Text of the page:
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Last Modified: 11/4/2020 Location: FL, PR, USVI Business: Part A

COVID-19: Skilled nursing facility (SNF) waiver to extend the benefit period

On March 13, 2020, the Centers for Medicare & Medicaid (CMS) issued a Skilled Nursing Facility (SNF) waiver under 1812(f) of the Social Security Act (the Act) based on the Public Health Emergency (PHE) declared by the Secretary under 319 of the Public Health Service Act, which is effective with respect to the timeframes and geographic areas specified in the waiver(s) issued under section 1135 of the Act in response to the COVID-19 PHE. By issuing this waiver, CMS recognized that the disruptions arising from a PHE can impede the normal operation of the SNF benefit, by preventing a beneficiary from having the qualifying hospital stay (QHS) that otherwise would have occurred. Similarly, the PHE can also disrupt the normal process of ending the beneficiary’s current benefit period and beginning their new SNF benefit period.
For the QHS waiver, the beneficiary’s status of being “affected by the emergency” is simply assumed to exist nationwide under the current PHE, and need not be verified in an individual case. However, for the benefit period waiver, there is one particular scenario that requires establishing an actual connection to the emergency: that is, when the beneficiary is receiving ongoing skilled care in the SNF. Under normal circumstances, this scenario would have the effect of prolonging a beneficiary’s current benefit period and precluding the renewal of SNF benefits.
Accordingly, to qualify for the benefit period waiver, it must be demonstrated that such a beneficiary’s continued receipt of skilled care in the SNF is in some way related to the emergency itself. One example would be when a beneficiary who had been receiving daily skilled therapy prior to the emergency then develops COVID-19 and requires a respirator and a feeding tube. However, even beneficiaries who do not themselves have a COVID-19 diagnosis may nevertheless be affected by the COVID-19 outbreak, as when disruptions from the emergency cause delays in obtaining treatment for another condition.
This means that during the PHE, all SNF beneficiaries (including those with SNF benefit days remaining in their current benefit period) would qualify for the QHS waiver. Those beneficiaries who have exhausted their current SNF benefit days generally would qualify for the benefit period waiver as well, except for beneficiaries who are receiving ongoing skilled care in the SNF that is unrelated to the emergency.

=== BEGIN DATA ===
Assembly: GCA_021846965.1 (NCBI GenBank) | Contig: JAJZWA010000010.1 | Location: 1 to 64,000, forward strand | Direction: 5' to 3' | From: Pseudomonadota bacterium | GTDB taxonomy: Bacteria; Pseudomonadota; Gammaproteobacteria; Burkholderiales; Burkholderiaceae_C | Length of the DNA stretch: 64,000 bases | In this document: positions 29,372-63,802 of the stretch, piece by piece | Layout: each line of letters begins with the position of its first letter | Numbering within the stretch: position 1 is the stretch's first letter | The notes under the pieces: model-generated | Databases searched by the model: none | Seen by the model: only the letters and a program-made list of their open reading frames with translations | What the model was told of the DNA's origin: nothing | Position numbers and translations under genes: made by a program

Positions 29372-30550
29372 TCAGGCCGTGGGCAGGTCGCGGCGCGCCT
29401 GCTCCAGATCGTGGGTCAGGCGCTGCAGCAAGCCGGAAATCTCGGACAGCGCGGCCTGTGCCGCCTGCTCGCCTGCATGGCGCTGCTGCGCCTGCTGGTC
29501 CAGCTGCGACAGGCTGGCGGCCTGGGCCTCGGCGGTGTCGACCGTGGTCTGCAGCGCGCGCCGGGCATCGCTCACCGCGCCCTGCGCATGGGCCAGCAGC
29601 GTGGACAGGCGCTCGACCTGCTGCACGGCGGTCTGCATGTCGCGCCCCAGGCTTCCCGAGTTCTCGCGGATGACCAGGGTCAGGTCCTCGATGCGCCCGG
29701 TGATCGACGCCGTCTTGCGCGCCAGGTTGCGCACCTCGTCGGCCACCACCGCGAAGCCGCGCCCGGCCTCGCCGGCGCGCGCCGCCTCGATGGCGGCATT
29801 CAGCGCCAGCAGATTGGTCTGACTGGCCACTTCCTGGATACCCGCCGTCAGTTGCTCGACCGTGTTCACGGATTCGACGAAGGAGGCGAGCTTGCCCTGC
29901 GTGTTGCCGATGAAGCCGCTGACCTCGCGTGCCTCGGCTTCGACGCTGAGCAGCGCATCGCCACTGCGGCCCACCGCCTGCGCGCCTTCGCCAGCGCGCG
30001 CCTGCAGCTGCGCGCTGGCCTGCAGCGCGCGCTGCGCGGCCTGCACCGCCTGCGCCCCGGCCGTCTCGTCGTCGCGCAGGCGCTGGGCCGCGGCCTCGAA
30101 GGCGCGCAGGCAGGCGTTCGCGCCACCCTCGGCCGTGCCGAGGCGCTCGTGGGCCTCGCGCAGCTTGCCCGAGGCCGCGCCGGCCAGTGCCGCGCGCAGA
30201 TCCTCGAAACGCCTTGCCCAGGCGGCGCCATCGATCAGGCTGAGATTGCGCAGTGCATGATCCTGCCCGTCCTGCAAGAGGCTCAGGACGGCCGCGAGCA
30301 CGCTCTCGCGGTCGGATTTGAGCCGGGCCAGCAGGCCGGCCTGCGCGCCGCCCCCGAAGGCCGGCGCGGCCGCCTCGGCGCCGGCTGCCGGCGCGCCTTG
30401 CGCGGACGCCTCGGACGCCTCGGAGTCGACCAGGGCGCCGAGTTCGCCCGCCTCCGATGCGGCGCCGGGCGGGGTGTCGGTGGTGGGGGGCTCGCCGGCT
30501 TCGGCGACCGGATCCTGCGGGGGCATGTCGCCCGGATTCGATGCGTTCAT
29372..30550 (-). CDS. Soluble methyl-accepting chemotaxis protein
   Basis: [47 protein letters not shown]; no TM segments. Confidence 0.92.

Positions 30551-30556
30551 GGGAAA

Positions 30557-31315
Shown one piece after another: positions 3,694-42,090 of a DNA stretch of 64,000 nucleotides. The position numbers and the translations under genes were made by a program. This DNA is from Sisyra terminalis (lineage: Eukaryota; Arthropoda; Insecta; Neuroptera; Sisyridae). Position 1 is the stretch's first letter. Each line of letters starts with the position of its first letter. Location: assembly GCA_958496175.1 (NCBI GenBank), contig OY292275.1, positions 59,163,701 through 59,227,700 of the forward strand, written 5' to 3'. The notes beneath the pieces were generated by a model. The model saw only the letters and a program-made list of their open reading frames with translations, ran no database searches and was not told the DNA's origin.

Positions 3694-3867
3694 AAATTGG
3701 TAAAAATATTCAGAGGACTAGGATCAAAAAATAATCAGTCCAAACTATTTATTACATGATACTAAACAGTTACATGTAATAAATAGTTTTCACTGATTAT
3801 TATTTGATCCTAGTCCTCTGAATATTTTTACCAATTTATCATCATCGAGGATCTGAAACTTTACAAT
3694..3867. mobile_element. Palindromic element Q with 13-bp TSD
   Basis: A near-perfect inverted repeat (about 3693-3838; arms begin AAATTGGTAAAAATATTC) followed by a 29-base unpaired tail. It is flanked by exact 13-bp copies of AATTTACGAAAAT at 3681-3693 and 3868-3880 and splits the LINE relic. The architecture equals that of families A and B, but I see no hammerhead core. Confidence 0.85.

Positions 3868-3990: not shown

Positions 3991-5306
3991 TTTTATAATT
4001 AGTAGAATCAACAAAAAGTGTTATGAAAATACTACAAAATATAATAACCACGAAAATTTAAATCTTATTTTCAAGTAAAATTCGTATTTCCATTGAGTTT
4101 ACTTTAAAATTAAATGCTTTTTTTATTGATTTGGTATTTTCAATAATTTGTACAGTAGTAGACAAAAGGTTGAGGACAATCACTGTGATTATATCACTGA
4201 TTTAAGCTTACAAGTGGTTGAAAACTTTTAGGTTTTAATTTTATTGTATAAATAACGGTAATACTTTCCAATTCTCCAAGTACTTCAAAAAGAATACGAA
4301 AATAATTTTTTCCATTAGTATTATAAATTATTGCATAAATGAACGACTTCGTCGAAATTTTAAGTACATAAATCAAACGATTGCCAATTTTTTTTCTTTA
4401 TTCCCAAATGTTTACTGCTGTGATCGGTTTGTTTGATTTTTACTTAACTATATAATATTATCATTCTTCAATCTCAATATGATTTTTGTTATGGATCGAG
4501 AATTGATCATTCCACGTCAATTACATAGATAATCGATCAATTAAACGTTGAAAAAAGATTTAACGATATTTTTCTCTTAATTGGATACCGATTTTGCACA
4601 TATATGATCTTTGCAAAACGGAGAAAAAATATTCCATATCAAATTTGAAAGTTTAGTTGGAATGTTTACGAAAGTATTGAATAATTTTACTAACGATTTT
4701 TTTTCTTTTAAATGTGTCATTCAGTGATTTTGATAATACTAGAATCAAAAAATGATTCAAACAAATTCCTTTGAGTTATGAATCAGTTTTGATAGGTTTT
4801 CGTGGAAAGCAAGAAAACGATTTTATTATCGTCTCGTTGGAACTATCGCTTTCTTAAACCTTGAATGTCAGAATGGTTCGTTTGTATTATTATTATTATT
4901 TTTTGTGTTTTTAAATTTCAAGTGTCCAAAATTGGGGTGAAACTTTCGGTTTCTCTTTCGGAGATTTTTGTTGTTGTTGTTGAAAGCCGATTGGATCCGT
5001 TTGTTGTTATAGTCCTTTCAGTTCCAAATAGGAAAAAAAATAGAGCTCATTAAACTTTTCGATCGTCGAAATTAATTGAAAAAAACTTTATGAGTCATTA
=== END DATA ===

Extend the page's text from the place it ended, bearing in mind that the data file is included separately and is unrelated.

The following guidance provides specific instructions for utilizing the QHS and benefit period waivers, as well as the impacts on claims processing and SNF patient assessments:
For a beneficiary who has SNF benefit days remaining, enter a DR (“disaster related”) condition code on the claim for an emergency waiver of the QHS requirement.
For a beneficiary who has exhausted their 100 days of SNF benefits, the DR condition code will normally serve to indicate both a QHS waiver and a benefit period waiver. However, if there is a no-pay bill present for the same beneficiary (indicating the continuing receipt of skilled care in the SNF), the Medicare Administrative Contractor (MAC) presumes that the beneficiary’s ongoing skilled care is unrelated to the emergency and, therefore, the benefit period waiver does not apply in this particular case. Where applicable, SNF providers should include additional documentation to rebut this presumption by establishing that the ongoing skilled care being furnished during the PHE actually is related to the COVID-19 outbreak, as discussed above. SNF providers will need to make the determination that the waiver applies. The medical records should also clearly document that the care being furnished meets the waiver requirements. In order to make use of the benefit period waiver, providers must discharge the patient on the 100th day of the patient’s current benefit period. Discharging the patient requires that the provider complete a Prospective Payment System (PPS) Discharge Assessment, setting the 100th day of the patient’s current benefit period as the Assessment Reference Date (ARD) for this assessment. As the patient is not leaving the building, an Omnibus Budget Reconciliation Act of 1987 (OBRA) discharge assessment is not required.
The patient would then be readmitted to the SNF the following day (day 101) as if it is the first day of a new benefit period and the first day of a new PPS stay. Admitting the patient requires that the provider complete a 5-day PPS Assessment. When the patient is discharged and then readmitted the following day pursuant to utilizing the benefit period waiver, the interrupted stay policy does not apply. The Health Insurance Prospective Payment System (HIPPS) code derived from this 5-day assessment should be used to bill for services furnished the patient during the stay that begins in the new benefit period. The variable per diem schedule would begin from Day 1 for this new stay and new benefit period.
Providers are asked to work with their respective MACs to provide the proper documentation indicating that the COVID-19 emergency applies for the benefit period waiver for each benefit period waiver claim. Additionally, we also recognize that during the COVID-19 PHE some SNF providers may have not submitted the PPS assessments as outlined above for the benefit period waiver. In these limited circumstances, providers may utilize the HIPPS code that was being billed when the beneficiary reached the end of their SNF benefit period.
The burden is on the provider to make the determination that the waiver applies. The medical records should clearly document that the care being furnished meets the waiver requirements and will be subject to post pay review.
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